A fundamental indicator of societal progress and well-being is how young people fair in their transition to adulthood. Disconnected youth are teenagers and young adults between the ages of 16 and 24 who are neither working nor in school. Disconnected youth is an indicator most correlated with a region's Opportunity Score, a composite measure of economic, educational, and civic factors that expand opportunity.
Source: Opportunity Index (developed by Measure of America and Opportunity Nation)
in Clark County in 2018
in Nevada in 2018
in the U.S. in 2018
Percentage of disconnected youth improving in Southern Nevada, but remains above national rates
Fewer young people are disconnected from school and work in Southern Nevada today than were before the Great Recession. The rate has dropped five consecutive years, from 18.8 percent in 2013 to 14.4 percent in 2018, according to the most recently update data. This translates to approximately 10,000 less young people in our region cut off from opportunity.
But challenges remain: More than 34,000 young women and men in Southern Nevada are still disconnected from the educational and employment opportunities. And while the proportion of disconnected youth in the region has been on the decline, Southern Nevada's rate remains nearly 25 percent (and more than 3 percentage points) higher than the national average.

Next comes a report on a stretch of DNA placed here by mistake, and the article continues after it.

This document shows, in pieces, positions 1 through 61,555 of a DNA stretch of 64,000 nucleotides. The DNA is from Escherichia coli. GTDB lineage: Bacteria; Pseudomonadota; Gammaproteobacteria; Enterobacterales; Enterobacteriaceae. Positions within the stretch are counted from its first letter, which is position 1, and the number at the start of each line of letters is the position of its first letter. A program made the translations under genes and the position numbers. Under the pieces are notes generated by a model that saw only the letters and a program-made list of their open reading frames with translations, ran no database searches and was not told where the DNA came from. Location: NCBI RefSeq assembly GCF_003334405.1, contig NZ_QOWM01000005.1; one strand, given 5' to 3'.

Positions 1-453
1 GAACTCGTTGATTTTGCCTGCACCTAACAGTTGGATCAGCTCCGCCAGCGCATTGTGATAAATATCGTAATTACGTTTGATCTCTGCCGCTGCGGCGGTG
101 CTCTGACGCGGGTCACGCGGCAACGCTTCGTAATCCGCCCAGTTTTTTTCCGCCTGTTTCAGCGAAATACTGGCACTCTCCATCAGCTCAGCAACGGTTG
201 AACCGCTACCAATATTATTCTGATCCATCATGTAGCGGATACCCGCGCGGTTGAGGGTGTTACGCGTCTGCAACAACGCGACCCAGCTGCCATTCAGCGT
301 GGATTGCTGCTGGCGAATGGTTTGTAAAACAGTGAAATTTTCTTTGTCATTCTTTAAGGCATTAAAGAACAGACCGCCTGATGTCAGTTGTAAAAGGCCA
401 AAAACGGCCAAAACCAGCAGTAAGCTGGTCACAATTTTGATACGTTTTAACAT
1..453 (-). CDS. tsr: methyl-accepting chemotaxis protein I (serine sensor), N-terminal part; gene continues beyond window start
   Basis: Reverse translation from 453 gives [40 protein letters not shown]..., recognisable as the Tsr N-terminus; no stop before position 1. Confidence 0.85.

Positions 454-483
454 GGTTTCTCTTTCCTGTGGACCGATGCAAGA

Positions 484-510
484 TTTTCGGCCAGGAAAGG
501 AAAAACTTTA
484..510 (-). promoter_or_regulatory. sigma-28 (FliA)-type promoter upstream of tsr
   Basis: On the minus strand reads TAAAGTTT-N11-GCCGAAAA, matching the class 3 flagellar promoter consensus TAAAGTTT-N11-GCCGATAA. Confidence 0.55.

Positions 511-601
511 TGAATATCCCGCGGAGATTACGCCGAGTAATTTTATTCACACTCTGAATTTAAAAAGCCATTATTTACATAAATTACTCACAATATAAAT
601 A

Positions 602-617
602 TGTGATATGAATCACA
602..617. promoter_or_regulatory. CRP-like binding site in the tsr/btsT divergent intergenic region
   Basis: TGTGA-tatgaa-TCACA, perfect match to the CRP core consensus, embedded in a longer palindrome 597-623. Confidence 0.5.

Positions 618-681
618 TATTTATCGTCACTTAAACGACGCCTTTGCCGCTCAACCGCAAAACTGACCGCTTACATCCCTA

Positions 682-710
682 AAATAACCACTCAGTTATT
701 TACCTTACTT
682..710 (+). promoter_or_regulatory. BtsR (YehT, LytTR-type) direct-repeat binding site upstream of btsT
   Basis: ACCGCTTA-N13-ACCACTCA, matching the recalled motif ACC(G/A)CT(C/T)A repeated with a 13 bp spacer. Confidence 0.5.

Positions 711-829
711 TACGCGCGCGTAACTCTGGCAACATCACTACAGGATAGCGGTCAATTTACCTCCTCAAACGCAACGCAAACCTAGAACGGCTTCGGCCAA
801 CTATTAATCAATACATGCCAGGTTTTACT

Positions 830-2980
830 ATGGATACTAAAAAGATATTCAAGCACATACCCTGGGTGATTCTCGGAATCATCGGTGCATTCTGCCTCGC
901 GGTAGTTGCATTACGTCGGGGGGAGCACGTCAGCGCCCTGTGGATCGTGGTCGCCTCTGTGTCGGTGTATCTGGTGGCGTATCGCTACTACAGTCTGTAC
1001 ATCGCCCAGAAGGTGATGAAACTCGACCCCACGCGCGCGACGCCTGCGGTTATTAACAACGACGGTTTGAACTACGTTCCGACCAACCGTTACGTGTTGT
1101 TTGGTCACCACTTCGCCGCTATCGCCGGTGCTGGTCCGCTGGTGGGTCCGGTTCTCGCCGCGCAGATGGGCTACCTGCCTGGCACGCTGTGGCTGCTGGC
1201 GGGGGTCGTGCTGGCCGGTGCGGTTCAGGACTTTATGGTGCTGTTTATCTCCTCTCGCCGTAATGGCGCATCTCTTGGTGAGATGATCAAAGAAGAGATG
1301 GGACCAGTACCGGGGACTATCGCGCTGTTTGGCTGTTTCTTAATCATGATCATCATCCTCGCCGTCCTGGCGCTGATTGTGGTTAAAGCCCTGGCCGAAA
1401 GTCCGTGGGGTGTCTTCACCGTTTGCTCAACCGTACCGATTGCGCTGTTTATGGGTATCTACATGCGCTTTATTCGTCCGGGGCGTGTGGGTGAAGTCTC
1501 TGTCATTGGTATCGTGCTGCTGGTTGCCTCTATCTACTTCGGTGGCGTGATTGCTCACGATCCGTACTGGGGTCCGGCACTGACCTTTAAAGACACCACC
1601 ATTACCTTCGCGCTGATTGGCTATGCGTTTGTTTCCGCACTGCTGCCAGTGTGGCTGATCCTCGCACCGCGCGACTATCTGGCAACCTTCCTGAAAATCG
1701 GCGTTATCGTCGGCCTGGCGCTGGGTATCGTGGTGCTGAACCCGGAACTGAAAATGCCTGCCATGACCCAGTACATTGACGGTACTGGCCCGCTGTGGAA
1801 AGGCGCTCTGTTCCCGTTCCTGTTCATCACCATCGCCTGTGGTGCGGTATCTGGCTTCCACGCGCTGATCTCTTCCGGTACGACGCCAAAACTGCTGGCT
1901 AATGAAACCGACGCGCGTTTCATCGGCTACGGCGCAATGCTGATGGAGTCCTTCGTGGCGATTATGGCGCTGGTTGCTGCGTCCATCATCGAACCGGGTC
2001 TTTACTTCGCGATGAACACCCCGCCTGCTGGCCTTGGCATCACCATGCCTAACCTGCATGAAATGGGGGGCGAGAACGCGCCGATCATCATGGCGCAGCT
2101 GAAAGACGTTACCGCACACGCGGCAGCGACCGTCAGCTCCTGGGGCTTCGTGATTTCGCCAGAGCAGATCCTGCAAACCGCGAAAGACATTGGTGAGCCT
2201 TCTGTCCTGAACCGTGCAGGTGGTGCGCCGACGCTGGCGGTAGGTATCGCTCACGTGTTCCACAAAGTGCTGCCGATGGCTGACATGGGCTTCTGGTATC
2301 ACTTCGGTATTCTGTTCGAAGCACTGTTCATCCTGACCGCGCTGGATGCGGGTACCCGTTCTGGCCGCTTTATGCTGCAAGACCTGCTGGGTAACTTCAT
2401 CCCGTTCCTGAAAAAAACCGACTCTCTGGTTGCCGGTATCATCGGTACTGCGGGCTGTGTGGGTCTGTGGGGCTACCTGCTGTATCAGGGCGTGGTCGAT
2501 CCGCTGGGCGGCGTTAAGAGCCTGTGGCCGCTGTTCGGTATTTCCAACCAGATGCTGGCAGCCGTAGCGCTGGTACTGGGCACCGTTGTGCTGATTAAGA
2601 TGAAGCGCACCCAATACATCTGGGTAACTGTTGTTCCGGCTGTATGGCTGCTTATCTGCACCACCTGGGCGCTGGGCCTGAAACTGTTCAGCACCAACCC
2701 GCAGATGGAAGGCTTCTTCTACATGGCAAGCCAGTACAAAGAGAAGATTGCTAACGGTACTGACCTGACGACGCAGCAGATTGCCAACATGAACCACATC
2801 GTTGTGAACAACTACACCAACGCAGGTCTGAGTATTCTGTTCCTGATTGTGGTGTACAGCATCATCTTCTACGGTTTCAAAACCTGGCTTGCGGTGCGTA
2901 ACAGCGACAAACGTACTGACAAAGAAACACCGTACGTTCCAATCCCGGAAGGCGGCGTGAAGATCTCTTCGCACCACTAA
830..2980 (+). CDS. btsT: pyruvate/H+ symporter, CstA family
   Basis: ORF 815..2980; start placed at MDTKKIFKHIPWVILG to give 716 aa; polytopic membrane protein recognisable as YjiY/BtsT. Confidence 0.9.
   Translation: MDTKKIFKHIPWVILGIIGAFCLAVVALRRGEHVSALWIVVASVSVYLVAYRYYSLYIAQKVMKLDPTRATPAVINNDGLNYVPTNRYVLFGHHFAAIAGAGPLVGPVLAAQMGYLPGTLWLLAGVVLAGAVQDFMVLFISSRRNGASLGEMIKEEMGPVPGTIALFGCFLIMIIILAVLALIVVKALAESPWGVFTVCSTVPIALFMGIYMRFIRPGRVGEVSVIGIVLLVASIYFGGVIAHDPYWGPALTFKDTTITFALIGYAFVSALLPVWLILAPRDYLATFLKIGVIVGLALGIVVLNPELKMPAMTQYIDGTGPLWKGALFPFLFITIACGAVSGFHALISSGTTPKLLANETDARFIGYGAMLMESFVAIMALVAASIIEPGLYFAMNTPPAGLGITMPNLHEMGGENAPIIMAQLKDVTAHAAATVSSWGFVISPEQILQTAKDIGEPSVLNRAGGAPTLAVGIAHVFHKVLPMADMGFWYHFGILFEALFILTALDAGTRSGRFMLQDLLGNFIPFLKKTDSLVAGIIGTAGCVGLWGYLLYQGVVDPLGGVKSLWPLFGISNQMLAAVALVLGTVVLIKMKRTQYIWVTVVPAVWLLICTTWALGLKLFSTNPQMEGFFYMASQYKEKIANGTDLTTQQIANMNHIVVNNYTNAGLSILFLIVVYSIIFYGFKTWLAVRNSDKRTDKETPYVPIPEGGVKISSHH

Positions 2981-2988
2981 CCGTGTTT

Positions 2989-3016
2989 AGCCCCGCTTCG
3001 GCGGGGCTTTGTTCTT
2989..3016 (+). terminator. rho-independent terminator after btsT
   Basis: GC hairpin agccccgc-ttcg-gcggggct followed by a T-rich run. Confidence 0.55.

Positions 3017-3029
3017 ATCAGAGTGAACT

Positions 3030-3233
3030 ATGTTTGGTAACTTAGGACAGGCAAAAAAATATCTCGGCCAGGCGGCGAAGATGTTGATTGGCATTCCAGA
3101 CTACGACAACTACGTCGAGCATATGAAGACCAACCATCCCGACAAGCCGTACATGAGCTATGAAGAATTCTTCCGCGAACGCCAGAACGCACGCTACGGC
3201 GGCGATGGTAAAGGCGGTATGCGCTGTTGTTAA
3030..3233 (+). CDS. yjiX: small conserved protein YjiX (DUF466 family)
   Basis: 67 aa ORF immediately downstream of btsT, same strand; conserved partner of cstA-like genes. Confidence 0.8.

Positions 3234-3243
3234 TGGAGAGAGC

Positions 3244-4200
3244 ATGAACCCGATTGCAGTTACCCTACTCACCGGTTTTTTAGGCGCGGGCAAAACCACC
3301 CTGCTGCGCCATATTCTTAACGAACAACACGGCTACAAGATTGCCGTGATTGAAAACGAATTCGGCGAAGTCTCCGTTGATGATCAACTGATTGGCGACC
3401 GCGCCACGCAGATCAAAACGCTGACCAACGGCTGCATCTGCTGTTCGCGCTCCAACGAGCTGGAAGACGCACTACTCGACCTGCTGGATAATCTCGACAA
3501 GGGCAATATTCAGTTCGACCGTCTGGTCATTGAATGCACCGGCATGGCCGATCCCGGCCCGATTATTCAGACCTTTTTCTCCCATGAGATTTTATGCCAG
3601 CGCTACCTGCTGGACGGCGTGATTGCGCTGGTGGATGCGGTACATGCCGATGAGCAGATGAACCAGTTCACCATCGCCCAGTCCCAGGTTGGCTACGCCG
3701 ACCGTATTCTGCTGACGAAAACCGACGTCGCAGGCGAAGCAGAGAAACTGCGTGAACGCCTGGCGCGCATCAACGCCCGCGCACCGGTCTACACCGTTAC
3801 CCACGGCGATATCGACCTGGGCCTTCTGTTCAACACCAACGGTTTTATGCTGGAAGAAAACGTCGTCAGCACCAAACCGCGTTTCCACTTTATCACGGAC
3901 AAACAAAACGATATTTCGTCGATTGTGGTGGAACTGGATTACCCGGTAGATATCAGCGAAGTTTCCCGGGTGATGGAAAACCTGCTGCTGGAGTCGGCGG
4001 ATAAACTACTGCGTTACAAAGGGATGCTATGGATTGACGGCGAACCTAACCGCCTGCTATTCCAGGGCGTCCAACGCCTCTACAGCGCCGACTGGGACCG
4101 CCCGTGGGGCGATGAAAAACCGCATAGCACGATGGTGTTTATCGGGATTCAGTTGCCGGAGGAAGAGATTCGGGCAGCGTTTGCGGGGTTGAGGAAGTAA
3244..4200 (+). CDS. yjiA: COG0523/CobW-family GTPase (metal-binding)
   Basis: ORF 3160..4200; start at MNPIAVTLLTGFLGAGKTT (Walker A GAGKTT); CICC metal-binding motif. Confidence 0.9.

Nationally, the percentage of disconnected youth has dropped nearly 24 percent in the aftermath of the Great Recession, which translates to roughly 1.5 million fewer young people cut off from pathways that lead to independent, rewarding adulthoods. In 2016, for the first time in the history of the Opportunity Index, the number of disconnected youth dropped below 5 million nationally.
However, there are still 4.35 million disconnected youth in the U.S., or about one-in-nine teens and young adults. And the gaps between racial and ethnic groups remain large: Native American, Black, and Latinx young people face higher disconnection rates than whites and Asians at every income level (see chart at right).
Place matters, too: the average disconnection rate in rural areas (18.7 percent) is much higher than in urban (12.3 percent) and suburban (10.8 percent) areas. And states, cities, and rural counties in the southern United States tend to have higher rates than those in other regions of the country.